Nice outing by Gaudin, even with the meltdown.
With a win tonight, the Yankees would go 40 games over .500. It’s pretty crazy to think about. Even at the beginning of the season, when the threat was strong from both the Sox and the Rays, the thought of being at this point didn’t cross many of our minds. Even if one team fell behind, surely there’d be a September race for the AL East crown. Alas, we’re moving through September (it’s the freaking 8th already), and the Yanks have a comfortable lead in the AL East, and the Rays are all but out of it.
They’ll take the field today behind Chad Gaudin. Since he’s come over from San Diego, Gaudin has started two games and has run into trouble each time. The first time it was a bases loaded, one out situation in the fifth inning. He had walked five to that point, and Girardi had seen enough. The second time was last time out, where he lasted 3.2 innings against Toronto. Thankfully, the offense was there to back him up.
Walks have been the big problem for Gaudin since his move to the AL East. He’s issued 13 free passes in 17.2 innings, an unacceptable rate. He’s held opponents to just eight runs in that span, but if he keeps walking guys at that rate it’s going to catch up for him. Thankfully, he has his personal caddy, Al Aceves, ready for backup work.
David Price will stand on the rubber for the Rays. The 2007 first overall pick has had a rough go in his first season, allowing 59 runs, 51 earned, in 96.2 innings for a 4.75 ERA. In fact, it appears he’s having struggles similar to Joba Chamberlain. That consists of a high walk rate, resulting in a high WHIP. The strikeouts are there, but Price, like Joba, has to find a way to finish off more batters and avoid drawn-out at bats which result in walks.
Boston hit Price rather hard last time out, picking up four runs on six hits and two walks over 5.1 innings, forcing the tall lefty to toss 104 pitches in that span. that’s been one of Price’s problems this year (as it has been Joba’s). In the two starts preceding Boston, against Texas and Detroit, Price went 7 and 7.1 innings, allowing three and one runs. We know he has the ability, but like many young pitchers he’s still working to put it together.
Derek gets a day at DH. Maybe that will spark him to a couple of hits. And, of course by now you know the David Robertson news.
And on the mound, number forty-one, Chad Gaudin.
Dun dun dunnnnnnn. Word came down this afternoon that David Robertson has been shut down with tightness in his elbow, and will be off to see Dr. James Andrews at a to be determined date. Girardi did not rule out a Robertson return this season, but any time you hear Dr. Andrews the potential for danger is high. · (57) ·
Heading into a Monday match-up against the Rays on June 8th, the Yankees were 33-23, clinging to a 0.5-game lead in AL East. That night, Phil Hughes made his first bullpen appearance for the Yankees in a win, and since then, the Yankees have been nearly unstoppable. The Yankees are 56-27 since Phil’s bullpen debut, and Hughes has been, by most accounts, the Yanks’ third best pitcher over the last three months.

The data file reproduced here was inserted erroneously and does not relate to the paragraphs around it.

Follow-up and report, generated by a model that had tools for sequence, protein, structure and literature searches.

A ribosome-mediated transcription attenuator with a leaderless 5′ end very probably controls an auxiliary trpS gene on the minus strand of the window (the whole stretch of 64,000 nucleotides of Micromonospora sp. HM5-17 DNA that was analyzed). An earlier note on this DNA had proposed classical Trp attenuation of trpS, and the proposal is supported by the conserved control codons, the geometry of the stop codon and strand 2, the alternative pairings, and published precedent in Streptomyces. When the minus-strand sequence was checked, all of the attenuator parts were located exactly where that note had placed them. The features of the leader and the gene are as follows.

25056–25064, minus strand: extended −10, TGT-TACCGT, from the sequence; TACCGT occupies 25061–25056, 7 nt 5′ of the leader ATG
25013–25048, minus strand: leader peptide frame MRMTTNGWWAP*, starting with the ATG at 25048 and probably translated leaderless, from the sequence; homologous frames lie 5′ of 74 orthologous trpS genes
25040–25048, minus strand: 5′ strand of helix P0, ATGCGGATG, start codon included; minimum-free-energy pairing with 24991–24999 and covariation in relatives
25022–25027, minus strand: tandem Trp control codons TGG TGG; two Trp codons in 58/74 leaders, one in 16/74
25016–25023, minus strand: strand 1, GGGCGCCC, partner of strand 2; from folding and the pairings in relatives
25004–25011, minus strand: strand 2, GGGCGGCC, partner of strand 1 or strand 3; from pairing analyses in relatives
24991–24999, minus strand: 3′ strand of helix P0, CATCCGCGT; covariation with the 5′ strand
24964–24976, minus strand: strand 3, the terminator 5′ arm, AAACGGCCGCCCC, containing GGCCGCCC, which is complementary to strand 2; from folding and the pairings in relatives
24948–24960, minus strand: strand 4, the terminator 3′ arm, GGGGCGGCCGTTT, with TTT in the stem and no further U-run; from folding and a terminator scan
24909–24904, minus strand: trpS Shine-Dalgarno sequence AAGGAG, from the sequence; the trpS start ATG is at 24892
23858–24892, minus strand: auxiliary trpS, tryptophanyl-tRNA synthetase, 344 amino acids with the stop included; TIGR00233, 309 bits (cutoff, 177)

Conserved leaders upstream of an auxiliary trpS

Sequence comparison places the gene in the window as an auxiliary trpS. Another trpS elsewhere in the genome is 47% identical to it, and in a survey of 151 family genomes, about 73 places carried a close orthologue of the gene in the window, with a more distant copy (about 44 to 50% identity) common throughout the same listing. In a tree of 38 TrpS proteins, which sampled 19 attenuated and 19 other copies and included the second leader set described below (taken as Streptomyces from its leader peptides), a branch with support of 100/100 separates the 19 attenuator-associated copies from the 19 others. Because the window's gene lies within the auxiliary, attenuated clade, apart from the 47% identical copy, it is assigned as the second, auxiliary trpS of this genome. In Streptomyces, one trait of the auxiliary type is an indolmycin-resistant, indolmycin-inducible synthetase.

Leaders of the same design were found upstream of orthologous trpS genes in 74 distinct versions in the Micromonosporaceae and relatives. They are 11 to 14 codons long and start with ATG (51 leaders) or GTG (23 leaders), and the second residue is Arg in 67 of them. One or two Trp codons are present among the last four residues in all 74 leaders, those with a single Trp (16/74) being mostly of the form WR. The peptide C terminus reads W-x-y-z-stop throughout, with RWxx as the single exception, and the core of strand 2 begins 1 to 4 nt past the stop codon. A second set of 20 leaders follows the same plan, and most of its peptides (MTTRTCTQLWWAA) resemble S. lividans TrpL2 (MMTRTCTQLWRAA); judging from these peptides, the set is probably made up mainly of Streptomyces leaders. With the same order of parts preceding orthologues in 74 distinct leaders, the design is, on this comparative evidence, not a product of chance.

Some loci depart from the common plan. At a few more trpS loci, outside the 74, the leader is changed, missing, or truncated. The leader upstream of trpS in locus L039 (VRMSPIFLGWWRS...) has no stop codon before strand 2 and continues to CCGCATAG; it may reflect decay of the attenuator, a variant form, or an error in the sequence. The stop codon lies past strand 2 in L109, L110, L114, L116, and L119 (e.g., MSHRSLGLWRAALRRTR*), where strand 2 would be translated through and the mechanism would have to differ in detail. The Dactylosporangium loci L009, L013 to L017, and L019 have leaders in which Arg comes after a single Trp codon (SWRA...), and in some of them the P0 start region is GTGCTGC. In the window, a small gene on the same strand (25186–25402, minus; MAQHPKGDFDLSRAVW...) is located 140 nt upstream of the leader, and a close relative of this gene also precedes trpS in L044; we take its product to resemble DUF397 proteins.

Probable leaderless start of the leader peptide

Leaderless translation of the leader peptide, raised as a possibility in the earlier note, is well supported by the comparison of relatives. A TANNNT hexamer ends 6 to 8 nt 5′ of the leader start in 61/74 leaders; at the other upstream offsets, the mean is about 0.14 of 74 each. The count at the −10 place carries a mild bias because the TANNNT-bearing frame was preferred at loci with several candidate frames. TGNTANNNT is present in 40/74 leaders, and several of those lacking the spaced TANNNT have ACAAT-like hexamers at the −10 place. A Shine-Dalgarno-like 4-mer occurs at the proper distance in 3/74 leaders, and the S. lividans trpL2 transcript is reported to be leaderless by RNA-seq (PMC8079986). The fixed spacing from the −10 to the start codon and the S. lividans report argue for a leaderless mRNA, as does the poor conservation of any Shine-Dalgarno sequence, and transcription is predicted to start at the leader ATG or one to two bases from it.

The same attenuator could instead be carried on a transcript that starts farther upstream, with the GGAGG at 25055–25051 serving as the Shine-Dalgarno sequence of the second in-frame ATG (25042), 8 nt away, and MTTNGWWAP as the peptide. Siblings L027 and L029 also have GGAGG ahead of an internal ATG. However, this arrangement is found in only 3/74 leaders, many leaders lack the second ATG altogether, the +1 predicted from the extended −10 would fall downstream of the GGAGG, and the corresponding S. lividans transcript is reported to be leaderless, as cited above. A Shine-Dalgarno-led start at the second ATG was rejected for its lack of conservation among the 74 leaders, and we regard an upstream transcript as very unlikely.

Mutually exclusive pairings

We know the dominance; we see it as often as the Yanks use Phil. The numbers though are impressive. In 33 relief appearances, Hughes has thrown 41.2 innings with an ERA of 1.08. He has walked just 11 and has struck out 54. His numbers rival those of Mariano Rivera‘s, and arguably, only CC Sabathia and Mo have been as valuable on the mound as Phil since mid-June.
While Hughes has helped solidified games at the back end of the bullpen, he’s hardly making a huge impact overall. He has thrown 41.2 innings while the Yankees as a whole have pitched 741.2. Hughes’ contributions, then, have come in just over five percent of all of the Yankee innings over the last three months. They are, in a sense, wasting a weapon in the pen.
At this point in the year, the Yankees do not seem inclined to stretch Hughes out into a starter. As they’re doing with Joba Chamberlain, they could be doing with Hughes. They could have him throw 35 pitches and then 50 an then 65 in an effort to build him up to a playoff starter. The Yankees, though, don’t want to mess with a good thing. In a piece making the rounds today, Rob Neyer, though, urges them to do just that. By switching Joba and Phil Hughes, says Neyer, the Yankees would be perfect for the playoffs.
Chamberlain is the Yankees’ No. 4 starter. Sergio Mitre is the Yankees’ No. 5 starter. Which means the Yankees, as things stand now, have only three reliable starters. And again, you need four of them when the leaves are turning in New England.
I know, I know … Phil Hughes has been so good in the bullpen: 1.11 ERA with an overpowering strikeout-to-walk ratio. Make him a starter again and he’s not going to post numbers anything like those. But to help the Yankees, he doesn’t have to be anywhere near that good; he just has to be measurably better than Chamberlain and Mitre. Particularly if — and I know this is highly speculative — Chamberlain regains his dominant stuff upon returning to a relief role.
Perhaps I’m overreacting to Chamberlain’s recent struggles, and the Yankees are good enough to win the World Series even without a decent fourth starter. But the other day somebody asked me what could keep the Yankees from winning. I didn’t have a good answer, because this is essentially a team without a weakness.
Except one. And with a little creativity, they could probably make it zero.
The problem, as Neyer admits, is Joba. There is no guarantee that he’s going to find the missing five miles-per-hour on his fastball in the pen. There is no guarantee that he’s going to rediscover the ability to attack the strike zone and get hitters out while pitching efficiently out of the pen. In fact, Joba’s recent first-inning struggles would suggest just the opposite.